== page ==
OPUS Listening Post Methodology

Listening Post is a psycho-social research tool that seeks to surface the dominant assumptions framing participants’ understanding of how an organisation or system functions: the implicit, unquestioned rules that participants feel expected to follow without necessarily knowing why.

OPUS Listening Postmethodology has been used for over 40 years as a tool for understanding social dynamics and as a bellwether of societal change. It searches for traces of ‘large group’ (in this case, the Further Education Sector) culture, dynamics and discourse within the contributions of a small group of representatives, seeing beyond the specifics of individual contributions to the underlying themes and patterns that are symptoms of broader influences.

Listening Post draws upon two types of source data: conversational speech and associative (verbal, visual, musical) imagery:

  • For 30 minutes, a group of between 3 and 10 participants sitting in a circle discuss with each other their experiences – in this case, of working and/or learning in their roles within the Further Education sector.
  • This conversation is unstructured and unfacilitated (except to keep participants on task).
  • A second group of approximately the same number of participants ‘witnesses’ the conversation from an outer circle (without joining in the conversation), and notes down whatever verbal, visual or other associations they have to the matters being discussed.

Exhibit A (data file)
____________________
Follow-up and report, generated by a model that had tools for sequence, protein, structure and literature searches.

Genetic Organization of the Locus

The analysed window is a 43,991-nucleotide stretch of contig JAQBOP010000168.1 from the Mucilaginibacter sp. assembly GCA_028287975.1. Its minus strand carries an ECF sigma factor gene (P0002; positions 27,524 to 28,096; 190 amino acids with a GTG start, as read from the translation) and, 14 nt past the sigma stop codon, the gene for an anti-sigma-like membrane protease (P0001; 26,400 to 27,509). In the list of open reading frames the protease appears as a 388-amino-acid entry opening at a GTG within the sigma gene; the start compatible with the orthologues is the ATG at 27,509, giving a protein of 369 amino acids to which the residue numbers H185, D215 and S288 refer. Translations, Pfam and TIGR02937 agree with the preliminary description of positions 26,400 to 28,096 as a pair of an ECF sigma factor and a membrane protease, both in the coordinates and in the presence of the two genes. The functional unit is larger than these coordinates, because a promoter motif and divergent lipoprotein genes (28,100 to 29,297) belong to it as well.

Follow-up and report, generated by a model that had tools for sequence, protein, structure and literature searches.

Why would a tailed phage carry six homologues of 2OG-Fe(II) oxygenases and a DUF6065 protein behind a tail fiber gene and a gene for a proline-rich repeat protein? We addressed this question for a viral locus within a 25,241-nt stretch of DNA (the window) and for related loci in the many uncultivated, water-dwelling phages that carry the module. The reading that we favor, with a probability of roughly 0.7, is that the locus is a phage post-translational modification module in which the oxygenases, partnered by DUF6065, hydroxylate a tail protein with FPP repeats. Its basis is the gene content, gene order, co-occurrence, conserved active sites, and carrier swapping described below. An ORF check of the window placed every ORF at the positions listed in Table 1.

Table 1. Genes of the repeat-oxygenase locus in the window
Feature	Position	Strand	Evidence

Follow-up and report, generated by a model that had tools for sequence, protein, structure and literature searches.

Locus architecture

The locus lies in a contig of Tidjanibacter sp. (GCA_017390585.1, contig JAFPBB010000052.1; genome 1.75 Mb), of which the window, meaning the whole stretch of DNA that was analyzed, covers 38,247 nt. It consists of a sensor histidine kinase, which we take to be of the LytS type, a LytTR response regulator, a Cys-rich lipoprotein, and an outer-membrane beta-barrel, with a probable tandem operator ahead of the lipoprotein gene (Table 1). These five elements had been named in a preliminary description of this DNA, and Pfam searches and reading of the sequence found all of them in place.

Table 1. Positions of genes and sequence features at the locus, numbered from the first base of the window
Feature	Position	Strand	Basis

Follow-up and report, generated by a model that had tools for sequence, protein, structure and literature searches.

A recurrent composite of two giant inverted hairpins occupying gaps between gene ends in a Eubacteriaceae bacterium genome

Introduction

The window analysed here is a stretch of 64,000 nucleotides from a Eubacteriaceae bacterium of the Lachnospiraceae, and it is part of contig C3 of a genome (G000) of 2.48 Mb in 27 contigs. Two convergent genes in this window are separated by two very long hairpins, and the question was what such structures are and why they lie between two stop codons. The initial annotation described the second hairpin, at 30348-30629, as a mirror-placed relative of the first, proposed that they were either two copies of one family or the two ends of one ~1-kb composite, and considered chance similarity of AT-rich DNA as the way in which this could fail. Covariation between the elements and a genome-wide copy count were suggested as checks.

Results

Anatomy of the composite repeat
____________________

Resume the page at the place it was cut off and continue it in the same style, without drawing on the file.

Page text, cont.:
• The groups then swap places and roles. The process is repeated for a further 30 minutes.
  • There is a further period of 30 minutes in which the two groups come together to identify and develop any emerging themes and patterns

The discussion is recorded (audio only) in order to produce a transcript of exactly what is said. The recording is not retained. Participants’ identities and identifying details are not revealed. All participants attend as representatives of the sector rather than in an individual or organizational capacity.

Listening Post is not an empirical process. It explores possible meaning emerging from unconscious group dynamics. This has value in providing a basis for links and connections to be made between otherwise unconnected organizational dynamics and in validating and explaining ‘hypotheses’ about the psychological drivers underlying group actions or decisions.

The data collected is inherently subjective, reflecting individual personal experience:

  • first, the preoccupations of individual participants as they subjectively experience them and choose to recount them;
  • second, the subjective experience of witnesses as they listen to participant accounts and form their own subjective associations;
  • third, the identification by the researchers of themes and patterns emerging from the data they have captured and
  • fourth, the formulation of hypotheses to account for them.